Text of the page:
Mysterious seeds arriving at US households from China were dubbed a potential ‘ecological disaster’. It turns out they’re harmless cooking ingredients.
The unsolicited packages, none of which were ordered, started popping up around American homes throughout July, with residents in all 50 states reportedly receiving the bizarre seed packets.
While concerns regarding the nature of the seeds began spreading, with the USDA’s Animal and Plant Health Inspection Service urging recipients not to plant them, it turns out they’re entirely innocent.
As of July 29, at least 14 of the plant species have been tested by researchers. A range of ingredients emerged: mustard, cabbage, morning glory, hibiscus, rose, and herbs like mint, sage, rosemary and lavender. Deputy Administrator Osama El-Lissy told the New York Post: ‘This is just a subset of the samples we’ve collected so far.’
Carolee Bull, a professor who leads the Department of Plant Pathology and Environmental Microbiology at Penn State University, explained that people were concerned because there may be ‘plant pathogens or insects that are harboured in the seed’, The New York Times reports.
There was definitely a degree of hysteria around the seeds; Virginia’s Department of Agriculture and Consumer Services reported more than 900 emails from people who received the packages.
Posting a photo of the seeds to its Facebook page, the Whitehouse Police Department dubbed the packages part of a brushing scam.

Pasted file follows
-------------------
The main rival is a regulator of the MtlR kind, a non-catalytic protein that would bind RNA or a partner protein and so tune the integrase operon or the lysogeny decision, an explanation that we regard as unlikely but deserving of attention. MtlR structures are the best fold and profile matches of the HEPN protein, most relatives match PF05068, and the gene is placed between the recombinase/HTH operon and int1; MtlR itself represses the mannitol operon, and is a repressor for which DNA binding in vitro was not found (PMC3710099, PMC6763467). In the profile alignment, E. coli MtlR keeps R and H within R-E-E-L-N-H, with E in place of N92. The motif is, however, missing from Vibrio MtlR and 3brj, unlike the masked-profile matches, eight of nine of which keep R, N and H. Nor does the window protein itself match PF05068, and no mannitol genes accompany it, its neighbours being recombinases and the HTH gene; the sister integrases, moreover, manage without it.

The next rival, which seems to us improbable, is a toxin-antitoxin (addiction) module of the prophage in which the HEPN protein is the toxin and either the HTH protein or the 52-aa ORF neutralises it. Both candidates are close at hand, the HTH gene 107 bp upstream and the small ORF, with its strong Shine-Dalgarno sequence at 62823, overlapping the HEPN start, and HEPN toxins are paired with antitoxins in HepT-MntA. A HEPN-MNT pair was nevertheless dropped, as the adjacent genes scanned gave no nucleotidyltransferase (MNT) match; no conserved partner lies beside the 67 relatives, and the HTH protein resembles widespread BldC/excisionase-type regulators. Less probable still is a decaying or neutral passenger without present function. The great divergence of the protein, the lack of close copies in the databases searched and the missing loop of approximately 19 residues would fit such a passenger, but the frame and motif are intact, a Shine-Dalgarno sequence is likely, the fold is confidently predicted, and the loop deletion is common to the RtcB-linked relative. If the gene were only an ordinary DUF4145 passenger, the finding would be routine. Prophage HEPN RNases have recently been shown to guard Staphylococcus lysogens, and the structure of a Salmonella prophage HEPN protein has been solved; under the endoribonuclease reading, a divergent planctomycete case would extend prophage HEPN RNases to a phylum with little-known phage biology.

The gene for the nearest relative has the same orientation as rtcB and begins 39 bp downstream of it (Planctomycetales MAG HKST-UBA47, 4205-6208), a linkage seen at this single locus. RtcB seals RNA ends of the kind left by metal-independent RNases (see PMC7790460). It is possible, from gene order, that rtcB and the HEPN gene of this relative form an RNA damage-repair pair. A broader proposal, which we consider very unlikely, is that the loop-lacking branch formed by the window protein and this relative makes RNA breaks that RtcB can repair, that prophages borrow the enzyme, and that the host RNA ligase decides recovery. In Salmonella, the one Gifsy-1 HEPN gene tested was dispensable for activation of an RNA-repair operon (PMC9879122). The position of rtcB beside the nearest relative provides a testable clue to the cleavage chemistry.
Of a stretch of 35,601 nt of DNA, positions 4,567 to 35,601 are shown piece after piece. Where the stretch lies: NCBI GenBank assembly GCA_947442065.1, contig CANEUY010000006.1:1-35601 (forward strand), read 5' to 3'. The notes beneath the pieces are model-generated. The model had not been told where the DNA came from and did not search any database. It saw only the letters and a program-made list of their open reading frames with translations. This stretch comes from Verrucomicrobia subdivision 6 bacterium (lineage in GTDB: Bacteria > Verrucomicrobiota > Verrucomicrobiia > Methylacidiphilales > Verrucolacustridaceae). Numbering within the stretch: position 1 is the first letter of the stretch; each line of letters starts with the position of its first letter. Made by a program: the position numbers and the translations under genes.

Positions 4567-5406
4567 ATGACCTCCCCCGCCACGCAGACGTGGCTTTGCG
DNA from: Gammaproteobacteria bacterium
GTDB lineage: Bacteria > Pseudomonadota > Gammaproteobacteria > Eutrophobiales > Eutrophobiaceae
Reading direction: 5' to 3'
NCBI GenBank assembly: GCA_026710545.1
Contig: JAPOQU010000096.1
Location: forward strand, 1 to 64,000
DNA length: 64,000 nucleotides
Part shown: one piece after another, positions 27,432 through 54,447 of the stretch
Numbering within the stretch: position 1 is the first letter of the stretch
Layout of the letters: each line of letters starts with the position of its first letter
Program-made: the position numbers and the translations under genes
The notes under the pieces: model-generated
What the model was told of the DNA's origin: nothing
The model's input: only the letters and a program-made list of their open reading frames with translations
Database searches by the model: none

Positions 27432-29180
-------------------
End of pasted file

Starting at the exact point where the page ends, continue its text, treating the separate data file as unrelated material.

The post explained:
We have done some researching and it does appear that these seeds are tied with an online scam called ‘brushing’. A brushing scam is an exploit by a vendor used to bolster product ratings and increase visibility online by shipping an inexpensive product to an unwitting receiver and then submitting positive reviews on the receiver’s behalf under the guise of a verified owner.
Although not directly dangerous, we would still prefer that people contact us to properly dispose of the seeds.
An Arkansas man, defying government advice, decided to plant the seeds. They produced large white fruit from orange flowers, much like squash. ‘We planted the seeds just to see what would happen,’ he said.
The USDA has since released extensive instructions on what to do with unsolicited seeds should they arrive at your door, which you can read here.
The agency earlier added that it’s collaborating with US Customs and Border Protection to ‘prevent the unlawful entry of prohibited seeds and protect US agriculture from invasive pests and noxious weeds’.
If you have a story you want to tell, send it to UNILAD via [email protected]
New York Post
The New York Times
Whitehouse Police Department/Facebook
Chosen for YouChosen for You
Most Read StoriesMost Read